There is no way to accurately predict who will develop postpartum depression, but there are some factors that seem to make it more likely. These include a personal or family history of depression or another mental health disorder; an unhappy or stressful childhood; stressful life circumstances (such as financial difficulties) and a lack of support from your family and friends. If you think you might be at risk for a PPMD, discuss your concerns with your health care provider before you give birth so that you can both be on the lookout for symptoms.
A disappointing or difficult birth might contribute to PPMD as well. Those who had to face extra challenges in labor tend to have a more difficult time processing their birth experience because they may harbor feelings of anger or disappointment. If you have negative feelings about the birth or your baby, find a supportive, nonjudgmental person to talk to. If you find that these feelings are not subsiding or are getting in the way of enjoying your baby, seek professional help.
PPMD treatment varies from person to person and according to your symptoms. The most common treatment options include some form of talk therapy or medication, but some new methods, such as light therapy, are becoming more widely available. Discuss the pros and cons of each approach with your healthcare provider or therapist. With treatment, an average PPMD episode lasts six to eight weeks. Without treatment, it can take up to a year or longer to resolve.
During the recovery phase, you need to be sure to take extra good care of yourself. The following measures may be basic, but they can help you if you are dealing with a PPMD help yourself.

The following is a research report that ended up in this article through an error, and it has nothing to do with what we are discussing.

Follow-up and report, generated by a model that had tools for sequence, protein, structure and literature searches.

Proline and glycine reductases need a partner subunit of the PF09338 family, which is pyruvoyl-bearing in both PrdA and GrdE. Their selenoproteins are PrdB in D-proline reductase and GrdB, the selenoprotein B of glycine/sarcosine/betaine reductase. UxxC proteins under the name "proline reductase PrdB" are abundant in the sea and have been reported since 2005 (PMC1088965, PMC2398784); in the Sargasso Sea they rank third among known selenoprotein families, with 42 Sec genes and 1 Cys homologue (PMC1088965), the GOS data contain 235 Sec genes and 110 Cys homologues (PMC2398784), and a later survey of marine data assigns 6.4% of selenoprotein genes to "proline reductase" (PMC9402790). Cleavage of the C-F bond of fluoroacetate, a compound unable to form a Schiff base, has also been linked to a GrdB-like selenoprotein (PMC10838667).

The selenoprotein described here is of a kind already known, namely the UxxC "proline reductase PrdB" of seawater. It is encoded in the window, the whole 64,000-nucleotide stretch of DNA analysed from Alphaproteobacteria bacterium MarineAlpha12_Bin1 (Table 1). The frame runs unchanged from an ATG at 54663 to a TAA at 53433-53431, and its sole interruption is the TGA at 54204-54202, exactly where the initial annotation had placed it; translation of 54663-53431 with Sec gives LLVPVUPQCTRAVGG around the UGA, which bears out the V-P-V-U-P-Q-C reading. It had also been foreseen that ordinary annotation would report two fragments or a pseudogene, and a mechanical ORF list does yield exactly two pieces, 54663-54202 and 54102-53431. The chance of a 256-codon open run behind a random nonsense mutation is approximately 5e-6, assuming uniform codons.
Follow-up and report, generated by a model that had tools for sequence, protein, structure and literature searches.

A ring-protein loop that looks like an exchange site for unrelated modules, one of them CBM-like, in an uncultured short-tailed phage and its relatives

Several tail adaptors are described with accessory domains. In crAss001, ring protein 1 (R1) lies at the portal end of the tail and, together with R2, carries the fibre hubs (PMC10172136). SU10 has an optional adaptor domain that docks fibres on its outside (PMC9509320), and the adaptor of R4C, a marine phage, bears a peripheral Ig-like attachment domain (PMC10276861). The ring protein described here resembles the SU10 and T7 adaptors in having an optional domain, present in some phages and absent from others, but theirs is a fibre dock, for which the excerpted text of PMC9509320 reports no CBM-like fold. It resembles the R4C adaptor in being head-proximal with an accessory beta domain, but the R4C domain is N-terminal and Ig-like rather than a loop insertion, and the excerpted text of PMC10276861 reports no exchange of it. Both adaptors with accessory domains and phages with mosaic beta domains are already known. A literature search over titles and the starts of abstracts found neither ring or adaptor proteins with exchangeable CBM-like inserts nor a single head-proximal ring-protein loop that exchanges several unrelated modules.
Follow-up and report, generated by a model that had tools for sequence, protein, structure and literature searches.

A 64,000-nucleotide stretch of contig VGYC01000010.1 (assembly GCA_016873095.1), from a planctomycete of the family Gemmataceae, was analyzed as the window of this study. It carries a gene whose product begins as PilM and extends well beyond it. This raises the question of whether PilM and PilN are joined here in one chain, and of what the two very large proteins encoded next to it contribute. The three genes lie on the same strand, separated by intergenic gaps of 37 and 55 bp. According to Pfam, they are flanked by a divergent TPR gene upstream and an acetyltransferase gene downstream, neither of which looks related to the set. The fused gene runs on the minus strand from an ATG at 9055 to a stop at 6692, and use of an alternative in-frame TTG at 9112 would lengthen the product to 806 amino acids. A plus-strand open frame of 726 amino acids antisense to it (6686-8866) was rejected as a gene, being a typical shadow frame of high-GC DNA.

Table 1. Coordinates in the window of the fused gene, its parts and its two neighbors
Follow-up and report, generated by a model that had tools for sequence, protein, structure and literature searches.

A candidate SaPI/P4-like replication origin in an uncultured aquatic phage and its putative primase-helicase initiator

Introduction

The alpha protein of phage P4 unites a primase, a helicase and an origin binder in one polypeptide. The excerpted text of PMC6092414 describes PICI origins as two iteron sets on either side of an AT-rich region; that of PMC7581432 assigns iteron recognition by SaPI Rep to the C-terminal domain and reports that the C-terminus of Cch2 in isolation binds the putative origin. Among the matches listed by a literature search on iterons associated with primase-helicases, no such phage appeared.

- Seek out friends, family or hired help, such as a postpartum doula, to ease your workload so that you can get much needed rest and save your limited energy for when you need it most.
- Maintain a healthy diet and don’t use coffee, tea or other sources of caffeine as a pick-me up: They will only worsen anxiety and depression.
- Try to fit exercise into your day, even if it’s just a 20-minute walk around your neighborhood with your baby in the stroller. Studies have found that the endorphin release from exercise actually promotes a sense of well-being and can lessen feelings of depression or anxiety.
- Occasionally take breaks from baby care.
- Talk with other parents, sympathetic friends and loved ones about your feelings and what you’re experiencing. There are also web sites where you can chat with other new parents with PPMDs, such as Postpartum Support International or Postpartum Support Group.
Above all, be gentle with yourself. You didn’t choose to have this illness. Give yourself credit for doing the hard work of labor and stay hopeful. The postpartum period doesn’t last forever. It takes time and patience, but with help you will soon see an improvement and ultimately a full recovery.